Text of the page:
Will Singapore Capitalize On Regulatory Arbitrage Opportunities?

Conventional wisdom, and some anecdotal evidence, suggested OTC markets would shift to Asia, and Singapore in particular.  In a recent Business Times article, Ravi Menon, the managing director of the Monetary Authority of Singapore (MAS), tried to put those claims to rest.

‘In recent months, there has been a notion in some quarters that as tighter regulations are proposed for OTC derivatives in the US and EU, activity will flow to centres in Asia that are purposefully less heavily regulated,’ Ravi Menon said during a regulation conference hosted by Thomson Reuters.

‘This is mistaken. Leading centres in Asia like Singapore, Hong Kong and Australia are very much part of the G-20 process and initiatives, and there is no room for regulatory arbitrage,’ he added.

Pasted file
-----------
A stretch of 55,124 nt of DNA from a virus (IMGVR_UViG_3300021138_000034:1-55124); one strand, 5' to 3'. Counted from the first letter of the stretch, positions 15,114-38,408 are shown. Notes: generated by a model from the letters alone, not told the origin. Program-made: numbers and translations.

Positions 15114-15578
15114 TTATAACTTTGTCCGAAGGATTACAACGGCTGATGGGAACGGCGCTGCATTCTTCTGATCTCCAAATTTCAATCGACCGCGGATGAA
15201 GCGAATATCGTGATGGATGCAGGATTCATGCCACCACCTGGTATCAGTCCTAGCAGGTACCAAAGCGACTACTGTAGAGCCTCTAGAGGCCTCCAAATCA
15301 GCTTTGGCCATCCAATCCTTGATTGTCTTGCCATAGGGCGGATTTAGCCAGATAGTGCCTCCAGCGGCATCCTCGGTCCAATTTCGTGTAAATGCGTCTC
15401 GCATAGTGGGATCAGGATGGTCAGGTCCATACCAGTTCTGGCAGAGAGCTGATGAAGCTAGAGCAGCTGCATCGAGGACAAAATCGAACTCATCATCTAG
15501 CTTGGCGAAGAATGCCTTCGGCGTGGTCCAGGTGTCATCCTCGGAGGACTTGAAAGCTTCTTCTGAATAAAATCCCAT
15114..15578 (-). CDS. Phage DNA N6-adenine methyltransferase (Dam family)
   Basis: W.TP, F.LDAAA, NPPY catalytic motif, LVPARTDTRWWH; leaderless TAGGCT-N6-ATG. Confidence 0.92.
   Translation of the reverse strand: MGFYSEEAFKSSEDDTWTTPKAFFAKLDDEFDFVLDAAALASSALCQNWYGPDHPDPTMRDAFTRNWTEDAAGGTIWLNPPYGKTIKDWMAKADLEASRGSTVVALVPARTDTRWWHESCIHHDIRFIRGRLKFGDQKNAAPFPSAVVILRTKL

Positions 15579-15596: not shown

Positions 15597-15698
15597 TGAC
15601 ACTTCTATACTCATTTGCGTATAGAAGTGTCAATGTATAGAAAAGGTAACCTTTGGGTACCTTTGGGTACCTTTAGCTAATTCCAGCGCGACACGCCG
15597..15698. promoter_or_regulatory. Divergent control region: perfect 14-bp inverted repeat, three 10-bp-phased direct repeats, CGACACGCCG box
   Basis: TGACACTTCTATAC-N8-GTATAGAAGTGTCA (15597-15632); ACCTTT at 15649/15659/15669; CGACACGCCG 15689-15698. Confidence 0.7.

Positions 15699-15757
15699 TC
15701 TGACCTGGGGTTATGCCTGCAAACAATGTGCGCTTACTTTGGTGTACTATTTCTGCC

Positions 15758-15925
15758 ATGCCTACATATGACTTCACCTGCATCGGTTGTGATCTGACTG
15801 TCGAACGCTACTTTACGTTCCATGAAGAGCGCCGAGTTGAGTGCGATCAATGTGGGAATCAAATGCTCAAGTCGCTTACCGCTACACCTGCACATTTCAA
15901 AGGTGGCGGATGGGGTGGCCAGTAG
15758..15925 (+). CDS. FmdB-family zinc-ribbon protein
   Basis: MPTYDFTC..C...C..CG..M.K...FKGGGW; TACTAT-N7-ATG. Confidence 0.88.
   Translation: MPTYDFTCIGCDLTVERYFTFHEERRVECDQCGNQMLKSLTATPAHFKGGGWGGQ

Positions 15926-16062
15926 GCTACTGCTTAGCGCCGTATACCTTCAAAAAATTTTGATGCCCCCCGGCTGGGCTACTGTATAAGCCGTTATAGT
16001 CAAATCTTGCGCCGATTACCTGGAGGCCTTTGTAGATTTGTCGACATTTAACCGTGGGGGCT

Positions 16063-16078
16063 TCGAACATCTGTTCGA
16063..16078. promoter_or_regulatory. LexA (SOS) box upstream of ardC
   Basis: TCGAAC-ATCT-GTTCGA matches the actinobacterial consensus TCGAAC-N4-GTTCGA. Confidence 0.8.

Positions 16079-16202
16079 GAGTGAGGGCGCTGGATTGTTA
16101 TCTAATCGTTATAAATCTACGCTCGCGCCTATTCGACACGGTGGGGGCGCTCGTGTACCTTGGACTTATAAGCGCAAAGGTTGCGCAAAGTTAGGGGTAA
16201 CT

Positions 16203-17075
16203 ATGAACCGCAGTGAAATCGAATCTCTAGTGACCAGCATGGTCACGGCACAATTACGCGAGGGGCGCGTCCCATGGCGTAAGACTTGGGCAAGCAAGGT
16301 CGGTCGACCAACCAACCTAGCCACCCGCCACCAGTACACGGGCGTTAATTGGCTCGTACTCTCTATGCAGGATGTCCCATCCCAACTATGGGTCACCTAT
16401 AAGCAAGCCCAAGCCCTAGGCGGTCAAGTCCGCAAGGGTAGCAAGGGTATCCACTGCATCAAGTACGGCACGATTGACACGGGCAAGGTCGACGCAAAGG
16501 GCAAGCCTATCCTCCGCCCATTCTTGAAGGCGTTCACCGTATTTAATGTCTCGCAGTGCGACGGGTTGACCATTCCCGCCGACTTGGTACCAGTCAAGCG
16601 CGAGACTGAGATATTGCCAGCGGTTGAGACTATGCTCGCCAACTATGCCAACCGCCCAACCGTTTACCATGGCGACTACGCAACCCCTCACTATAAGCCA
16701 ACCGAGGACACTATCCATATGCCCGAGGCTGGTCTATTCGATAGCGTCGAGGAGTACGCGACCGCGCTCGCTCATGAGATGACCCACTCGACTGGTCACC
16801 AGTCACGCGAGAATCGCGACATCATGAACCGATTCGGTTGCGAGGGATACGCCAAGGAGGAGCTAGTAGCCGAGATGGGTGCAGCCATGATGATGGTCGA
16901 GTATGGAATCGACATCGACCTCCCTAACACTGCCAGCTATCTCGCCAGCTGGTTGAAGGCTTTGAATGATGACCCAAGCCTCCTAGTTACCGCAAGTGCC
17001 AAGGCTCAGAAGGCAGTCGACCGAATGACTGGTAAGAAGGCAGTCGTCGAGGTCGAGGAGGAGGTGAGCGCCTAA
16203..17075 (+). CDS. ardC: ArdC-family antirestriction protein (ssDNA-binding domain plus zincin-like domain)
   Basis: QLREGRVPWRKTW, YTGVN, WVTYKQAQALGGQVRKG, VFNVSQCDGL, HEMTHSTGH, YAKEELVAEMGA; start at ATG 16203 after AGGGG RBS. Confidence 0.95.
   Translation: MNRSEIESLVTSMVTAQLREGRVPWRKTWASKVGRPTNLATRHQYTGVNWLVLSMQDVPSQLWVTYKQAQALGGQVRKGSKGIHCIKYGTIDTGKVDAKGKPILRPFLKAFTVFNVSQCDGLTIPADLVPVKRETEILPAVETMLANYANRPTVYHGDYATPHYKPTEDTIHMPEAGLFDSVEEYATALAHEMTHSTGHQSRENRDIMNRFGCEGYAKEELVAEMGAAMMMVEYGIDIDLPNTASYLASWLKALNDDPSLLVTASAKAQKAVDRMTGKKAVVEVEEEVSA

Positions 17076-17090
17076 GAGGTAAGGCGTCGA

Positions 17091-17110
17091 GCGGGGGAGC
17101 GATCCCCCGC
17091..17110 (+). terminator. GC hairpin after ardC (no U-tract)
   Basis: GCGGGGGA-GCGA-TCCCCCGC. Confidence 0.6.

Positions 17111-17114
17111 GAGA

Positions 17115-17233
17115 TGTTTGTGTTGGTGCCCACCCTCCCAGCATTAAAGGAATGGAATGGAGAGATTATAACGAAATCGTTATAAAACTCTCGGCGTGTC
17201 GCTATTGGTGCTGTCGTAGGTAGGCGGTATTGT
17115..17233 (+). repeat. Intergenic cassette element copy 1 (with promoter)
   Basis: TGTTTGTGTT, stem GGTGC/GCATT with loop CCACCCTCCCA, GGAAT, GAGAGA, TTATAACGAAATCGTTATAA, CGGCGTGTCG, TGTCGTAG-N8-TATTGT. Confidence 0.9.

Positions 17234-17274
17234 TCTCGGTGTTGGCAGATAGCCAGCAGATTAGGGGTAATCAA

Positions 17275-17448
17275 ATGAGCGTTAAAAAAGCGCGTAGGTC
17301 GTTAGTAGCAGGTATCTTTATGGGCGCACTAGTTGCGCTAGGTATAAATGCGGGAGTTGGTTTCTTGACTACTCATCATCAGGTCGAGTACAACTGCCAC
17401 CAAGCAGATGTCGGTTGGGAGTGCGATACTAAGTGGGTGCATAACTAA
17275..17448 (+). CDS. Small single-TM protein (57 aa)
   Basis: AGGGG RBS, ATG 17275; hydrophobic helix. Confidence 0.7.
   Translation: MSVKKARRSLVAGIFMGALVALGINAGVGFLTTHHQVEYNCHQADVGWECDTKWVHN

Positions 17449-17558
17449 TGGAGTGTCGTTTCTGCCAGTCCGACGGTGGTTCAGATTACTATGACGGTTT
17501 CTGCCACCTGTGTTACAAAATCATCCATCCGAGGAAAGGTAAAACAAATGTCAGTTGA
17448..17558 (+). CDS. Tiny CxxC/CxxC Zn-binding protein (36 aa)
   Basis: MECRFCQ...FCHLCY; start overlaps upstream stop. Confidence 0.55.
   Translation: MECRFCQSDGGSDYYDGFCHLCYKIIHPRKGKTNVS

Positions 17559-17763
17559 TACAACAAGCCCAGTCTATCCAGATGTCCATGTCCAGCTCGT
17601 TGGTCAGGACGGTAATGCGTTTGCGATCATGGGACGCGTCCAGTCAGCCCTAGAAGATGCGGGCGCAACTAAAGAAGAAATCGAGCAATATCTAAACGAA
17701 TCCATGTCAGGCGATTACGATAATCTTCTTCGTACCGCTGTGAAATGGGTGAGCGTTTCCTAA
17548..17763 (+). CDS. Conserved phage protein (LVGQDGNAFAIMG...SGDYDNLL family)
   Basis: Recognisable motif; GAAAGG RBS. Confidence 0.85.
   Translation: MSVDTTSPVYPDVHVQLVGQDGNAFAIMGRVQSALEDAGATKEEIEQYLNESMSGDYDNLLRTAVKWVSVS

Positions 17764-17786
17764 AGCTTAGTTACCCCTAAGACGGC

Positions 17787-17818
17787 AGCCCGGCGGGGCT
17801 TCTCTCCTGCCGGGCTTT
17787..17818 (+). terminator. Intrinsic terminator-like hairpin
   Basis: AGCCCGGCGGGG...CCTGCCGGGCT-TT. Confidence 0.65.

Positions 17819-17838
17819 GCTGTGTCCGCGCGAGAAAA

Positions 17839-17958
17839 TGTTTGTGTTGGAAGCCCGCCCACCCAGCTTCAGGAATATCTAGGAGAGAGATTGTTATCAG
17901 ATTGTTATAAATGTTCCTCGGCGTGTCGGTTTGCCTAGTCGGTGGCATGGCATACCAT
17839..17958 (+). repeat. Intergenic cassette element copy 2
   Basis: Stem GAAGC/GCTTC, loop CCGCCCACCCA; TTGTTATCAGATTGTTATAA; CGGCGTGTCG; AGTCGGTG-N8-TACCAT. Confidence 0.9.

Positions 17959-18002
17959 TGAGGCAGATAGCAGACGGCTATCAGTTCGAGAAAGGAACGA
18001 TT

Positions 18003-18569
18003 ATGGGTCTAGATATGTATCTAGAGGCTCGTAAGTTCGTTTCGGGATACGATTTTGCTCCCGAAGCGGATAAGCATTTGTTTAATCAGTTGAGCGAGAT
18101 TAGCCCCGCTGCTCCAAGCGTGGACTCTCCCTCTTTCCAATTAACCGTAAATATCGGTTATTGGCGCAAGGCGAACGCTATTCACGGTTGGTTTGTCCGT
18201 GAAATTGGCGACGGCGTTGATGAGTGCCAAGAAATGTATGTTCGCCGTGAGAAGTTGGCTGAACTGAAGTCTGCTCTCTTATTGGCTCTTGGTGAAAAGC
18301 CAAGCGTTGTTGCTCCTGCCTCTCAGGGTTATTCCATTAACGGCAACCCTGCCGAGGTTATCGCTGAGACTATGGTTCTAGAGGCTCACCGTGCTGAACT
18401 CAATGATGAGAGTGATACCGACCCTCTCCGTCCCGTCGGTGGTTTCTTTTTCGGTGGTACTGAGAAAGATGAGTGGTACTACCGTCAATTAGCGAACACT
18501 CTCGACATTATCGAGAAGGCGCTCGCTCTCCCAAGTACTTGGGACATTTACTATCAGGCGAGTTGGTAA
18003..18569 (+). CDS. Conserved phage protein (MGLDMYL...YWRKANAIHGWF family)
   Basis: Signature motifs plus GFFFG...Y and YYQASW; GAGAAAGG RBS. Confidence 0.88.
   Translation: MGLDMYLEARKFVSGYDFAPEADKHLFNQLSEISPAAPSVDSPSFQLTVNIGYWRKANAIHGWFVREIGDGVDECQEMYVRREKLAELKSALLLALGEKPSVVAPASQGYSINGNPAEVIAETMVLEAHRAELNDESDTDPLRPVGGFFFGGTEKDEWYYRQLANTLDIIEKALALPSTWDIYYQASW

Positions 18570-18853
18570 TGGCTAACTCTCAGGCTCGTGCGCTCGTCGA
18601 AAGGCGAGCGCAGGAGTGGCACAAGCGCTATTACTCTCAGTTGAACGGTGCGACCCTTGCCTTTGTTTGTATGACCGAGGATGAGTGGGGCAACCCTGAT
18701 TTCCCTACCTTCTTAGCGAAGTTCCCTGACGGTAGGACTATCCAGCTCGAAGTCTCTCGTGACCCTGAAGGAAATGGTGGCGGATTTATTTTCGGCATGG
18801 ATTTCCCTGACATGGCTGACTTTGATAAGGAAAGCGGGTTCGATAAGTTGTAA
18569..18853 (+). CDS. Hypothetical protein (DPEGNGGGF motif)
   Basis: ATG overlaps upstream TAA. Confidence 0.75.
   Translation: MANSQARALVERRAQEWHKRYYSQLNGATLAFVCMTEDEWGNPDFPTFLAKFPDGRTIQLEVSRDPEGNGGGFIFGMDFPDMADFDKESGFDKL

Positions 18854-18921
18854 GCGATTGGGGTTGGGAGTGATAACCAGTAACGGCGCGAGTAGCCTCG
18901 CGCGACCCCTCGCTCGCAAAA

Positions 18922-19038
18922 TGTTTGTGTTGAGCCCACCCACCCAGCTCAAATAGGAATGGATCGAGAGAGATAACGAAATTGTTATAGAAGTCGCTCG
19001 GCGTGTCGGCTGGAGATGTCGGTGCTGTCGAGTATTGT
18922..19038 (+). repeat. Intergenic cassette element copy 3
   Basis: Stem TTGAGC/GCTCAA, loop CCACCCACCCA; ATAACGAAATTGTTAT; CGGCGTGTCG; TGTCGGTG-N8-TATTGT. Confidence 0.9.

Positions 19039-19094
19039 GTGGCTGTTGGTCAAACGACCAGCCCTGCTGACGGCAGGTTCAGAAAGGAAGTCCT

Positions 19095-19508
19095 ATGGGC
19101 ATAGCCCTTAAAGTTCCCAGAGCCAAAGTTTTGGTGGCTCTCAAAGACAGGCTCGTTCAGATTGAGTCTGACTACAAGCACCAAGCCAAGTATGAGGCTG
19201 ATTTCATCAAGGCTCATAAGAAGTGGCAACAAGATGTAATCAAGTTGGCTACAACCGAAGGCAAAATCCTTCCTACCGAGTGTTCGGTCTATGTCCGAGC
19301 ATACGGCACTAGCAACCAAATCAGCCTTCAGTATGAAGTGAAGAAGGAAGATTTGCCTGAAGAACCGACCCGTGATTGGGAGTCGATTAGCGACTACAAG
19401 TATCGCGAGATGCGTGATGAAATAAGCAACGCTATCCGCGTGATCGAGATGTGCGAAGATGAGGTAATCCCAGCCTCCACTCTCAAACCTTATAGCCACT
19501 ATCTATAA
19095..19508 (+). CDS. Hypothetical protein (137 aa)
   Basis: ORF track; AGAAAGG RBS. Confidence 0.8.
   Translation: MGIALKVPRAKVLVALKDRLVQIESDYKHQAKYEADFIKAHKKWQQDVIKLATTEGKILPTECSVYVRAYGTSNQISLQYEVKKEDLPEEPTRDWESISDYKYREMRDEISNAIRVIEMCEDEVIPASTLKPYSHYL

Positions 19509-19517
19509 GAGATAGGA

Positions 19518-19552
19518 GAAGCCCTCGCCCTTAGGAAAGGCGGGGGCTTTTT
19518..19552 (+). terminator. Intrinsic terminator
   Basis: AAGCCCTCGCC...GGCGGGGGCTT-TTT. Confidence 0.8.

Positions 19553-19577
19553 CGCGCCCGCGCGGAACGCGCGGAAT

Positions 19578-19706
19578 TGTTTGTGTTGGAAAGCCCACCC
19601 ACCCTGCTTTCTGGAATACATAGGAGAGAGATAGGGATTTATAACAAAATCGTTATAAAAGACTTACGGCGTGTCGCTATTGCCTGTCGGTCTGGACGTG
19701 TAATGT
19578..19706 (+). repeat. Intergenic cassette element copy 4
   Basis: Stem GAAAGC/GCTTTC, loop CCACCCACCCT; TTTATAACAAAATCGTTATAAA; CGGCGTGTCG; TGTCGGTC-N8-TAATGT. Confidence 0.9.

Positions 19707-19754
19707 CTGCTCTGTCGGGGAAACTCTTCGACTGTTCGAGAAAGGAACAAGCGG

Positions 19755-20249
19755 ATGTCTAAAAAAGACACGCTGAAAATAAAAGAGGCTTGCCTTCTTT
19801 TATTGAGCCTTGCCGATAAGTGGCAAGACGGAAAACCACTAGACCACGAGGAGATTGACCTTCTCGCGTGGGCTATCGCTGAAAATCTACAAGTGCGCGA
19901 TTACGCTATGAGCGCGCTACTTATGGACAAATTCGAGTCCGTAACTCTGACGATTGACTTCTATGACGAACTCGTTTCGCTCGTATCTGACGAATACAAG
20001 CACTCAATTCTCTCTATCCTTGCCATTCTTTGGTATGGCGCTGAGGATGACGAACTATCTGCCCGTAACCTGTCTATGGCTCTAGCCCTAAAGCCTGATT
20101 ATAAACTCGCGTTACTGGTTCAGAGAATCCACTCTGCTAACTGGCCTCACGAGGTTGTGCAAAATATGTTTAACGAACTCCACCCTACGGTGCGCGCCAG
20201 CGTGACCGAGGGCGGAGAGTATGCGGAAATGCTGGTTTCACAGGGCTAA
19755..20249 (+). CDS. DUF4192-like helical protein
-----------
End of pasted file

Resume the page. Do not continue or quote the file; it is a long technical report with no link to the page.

However, Mr. Menon acknowledged that Singapore was still deliberating on the appropriate level of centralized clearing and emphasized the risks to an overly broad requirement.

‘Comprehensive implementation of centralized clearing is not without challenge, we need to determine carefully the products for mandatory central clearing, particularly those employed by commercial end users,’ he said.

‘The cost of clearing can potentially increase their hedging cost, cause a cut back in needed investment or an increase in unhedged positions.’

Mr. Menon’s comments still leave open the question . . . Will Singapore capitalize on regulatory arbitrage opportunities?


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